A Low Carbon Scotland?

I attended a thought-provoking meeting of Scotland’s Futures Forum the other day. The topic for discussion by the policymakers, scientists and businessmen in attendance was the potential to transition to a low carbon Scotland.

The scene setting proposition was that a low carbon future would require much greater resource efficiency in both the generation and use of energy which in turn would require the adoption of new technologies and practices. It was thought that households might generate energy for their own use and for sale to others and that community cooporation would become the norm. While some of these new technologies would require substantial investment others could be quite “low tech”. New leadership skills would be required and the imagination to see the implications of climate change not just in our own country but also the impact of changes elsewhere. Energy security would become a priority but the politics of water might prove even more important.

The working groups were first asked to consider how far we were from realising an aspiration of a low carbon Scotland and indeed to what extent was there such a shared aspiration. It was an energising debate but many of the themes that arose were far from comforting. Scotland has set ambitious targets and while it is well recognised that there is a strong skills base here and natural advantages of water, coast and winds-a combination rarely available elsewhere – most delegates were deeply concerned about the future. It was felt that looking at low carbon alone was insufficient and that rather the target should be a resource efficient Scotland. Many people considered that government plans were not well known and that change was insufficiently well incentivised. Even where people wanted to make lifestyle changes it was not always easy to access information or support. Notwithstanding the strong science base it was felt that there was a considerable technological lack and that good practice and community opportunities were insufficiently well advertised. Little had been done legally to encourage change for example further regulation could create more pressure from low carbon homes, while the lack of agreed standards could lead to resources being wasted in the development of competing technologies were ultimately only one could be used.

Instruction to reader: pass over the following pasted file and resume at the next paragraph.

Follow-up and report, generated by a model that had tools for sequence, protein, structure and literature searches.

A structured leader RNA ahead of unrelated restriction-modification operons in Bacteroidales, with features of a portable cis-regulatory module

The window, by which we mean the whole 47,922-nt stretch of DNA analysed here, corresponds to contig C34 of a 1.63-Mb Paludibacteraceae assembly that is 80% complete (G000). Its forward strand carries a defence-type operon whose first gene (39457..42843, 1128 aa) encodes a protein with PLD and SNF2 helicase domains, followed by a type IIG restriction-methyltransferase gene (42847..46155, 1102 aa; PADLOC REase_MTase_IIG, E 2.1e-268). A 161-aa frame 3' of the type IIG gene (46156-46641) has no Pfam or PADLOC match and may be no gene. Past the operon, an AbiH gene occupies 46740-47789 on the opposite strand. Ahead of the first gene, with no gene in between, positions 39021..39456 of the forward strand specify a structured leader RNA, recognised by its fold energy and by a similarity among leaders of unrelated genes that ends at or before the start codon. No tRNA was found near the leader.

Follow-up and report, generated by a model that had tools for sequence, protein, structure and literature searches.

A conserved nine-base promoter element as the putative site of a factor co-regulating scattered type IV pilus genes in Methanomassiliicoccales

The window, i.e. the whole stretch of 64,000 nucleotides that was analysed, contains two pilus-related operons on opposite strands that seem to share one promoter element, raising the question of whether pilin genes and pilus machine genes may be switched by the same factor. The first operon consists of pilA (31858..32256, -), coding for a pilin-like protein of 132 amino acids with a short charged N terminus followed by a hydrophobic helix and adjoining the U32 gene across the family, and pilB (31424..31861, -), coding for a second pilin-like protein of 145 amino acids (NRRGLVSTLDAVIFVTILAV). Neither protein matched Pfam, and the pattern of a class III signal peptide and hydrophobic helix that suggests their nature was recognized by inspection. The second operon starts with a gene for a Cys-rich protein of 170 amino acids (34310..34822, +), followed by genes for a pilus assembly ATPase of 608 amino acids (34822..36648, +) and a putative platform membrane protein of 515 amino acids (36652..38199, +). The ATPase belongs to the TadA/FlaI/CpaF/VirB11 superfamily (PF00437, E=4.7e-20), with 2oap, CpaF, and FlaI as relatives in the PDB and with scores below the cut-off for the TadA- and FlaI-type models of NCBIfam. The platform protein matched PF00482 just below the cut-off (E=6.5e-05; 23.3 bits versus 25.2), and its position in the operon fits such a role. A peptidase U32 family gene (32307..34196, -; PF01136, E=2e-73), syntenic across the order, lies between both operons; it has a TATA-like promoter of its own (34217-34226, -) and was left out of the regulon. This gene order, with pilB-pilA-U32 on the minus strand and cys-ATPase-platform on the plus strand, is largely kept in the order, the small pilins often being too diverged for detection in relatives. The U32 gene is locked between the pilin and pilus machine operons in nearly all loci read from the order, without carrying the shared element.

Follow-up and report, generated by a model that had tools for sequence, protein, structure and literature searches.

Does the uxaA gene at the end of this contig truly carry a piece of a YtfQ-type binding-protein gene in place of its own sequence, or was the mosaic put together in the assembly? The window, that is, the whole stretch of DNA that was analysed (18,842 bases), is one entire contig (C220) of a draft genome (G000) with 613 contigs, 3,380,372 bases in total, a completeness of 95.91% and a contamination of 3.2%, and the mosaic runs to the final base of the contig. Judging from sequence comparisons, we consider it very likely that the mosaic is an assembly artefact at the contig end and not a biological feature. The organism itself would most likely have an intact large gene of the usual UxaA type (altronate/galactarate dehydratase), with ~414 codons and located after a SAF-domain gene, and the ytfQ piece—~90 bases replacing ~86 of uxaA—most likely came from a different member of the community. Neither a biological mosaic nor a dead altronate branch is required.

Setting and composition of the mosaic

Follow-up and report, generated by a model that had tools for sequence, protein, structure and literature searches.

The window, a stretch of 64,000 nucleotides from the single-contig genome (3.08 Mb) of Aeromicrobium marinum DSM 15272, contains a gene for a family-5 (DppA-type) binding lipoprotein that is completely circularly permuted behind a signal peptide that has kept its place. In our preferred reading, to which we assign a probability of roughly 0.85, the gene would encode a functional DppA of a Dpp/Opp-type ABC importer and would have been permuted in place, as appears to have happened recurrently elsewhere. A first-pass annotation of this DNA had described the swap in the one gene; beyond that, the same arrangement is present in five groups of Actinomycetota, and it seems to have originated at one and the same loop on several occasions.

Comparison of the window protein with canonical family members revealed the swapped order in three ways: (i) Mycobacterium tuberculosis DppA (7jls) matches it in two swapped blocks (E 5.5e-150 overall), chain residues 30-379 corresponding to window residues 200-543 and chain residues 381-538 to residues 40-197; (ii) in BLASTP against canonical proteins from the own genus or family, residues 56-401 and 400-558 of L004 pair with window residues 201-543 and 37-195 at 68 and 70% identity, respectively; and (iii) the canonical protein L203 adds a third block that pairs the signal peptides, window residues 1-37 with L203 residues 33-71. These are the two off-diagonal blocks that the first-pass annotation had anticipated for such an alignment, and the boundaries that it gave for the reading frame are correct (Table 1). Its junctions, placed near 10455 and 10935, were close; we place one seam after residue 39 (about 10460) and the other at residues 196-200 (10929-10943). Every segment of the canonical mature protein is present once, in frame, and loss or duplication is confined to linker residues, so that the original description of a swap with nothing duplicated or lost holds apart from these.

The second debate looked at the timing for any required action. It was generally understood that the world was currently using more oil than it was finding and that while wave and offshore energy production was particularly attractive as the power source was more predictable than competing sources such as sun and wind the technology was not yet available. It was generally agreed that investment had to be made now-but in which technologies? Expensive investment in infrastructure could take many years to show a return which in difficult financial times can be an unattractive commitment for politicians.

The meeting concluded by asking participants to address their own spheres of influence-what can we do now? There are clearly no easy answers but inactivity cannot be tolerated. Probably the most effective action would be to encourage further dissemination of good practice and of opportunities for scientific collaboration with investment divided between smaller projects with more immediate impact and the larger infrastructure schemes.

All in all probably not the cheeriest way of spending an afternoon but I was amused at the end when very few of us seemed to be heading to the bus stop while many others dug in their bags for their car keys!

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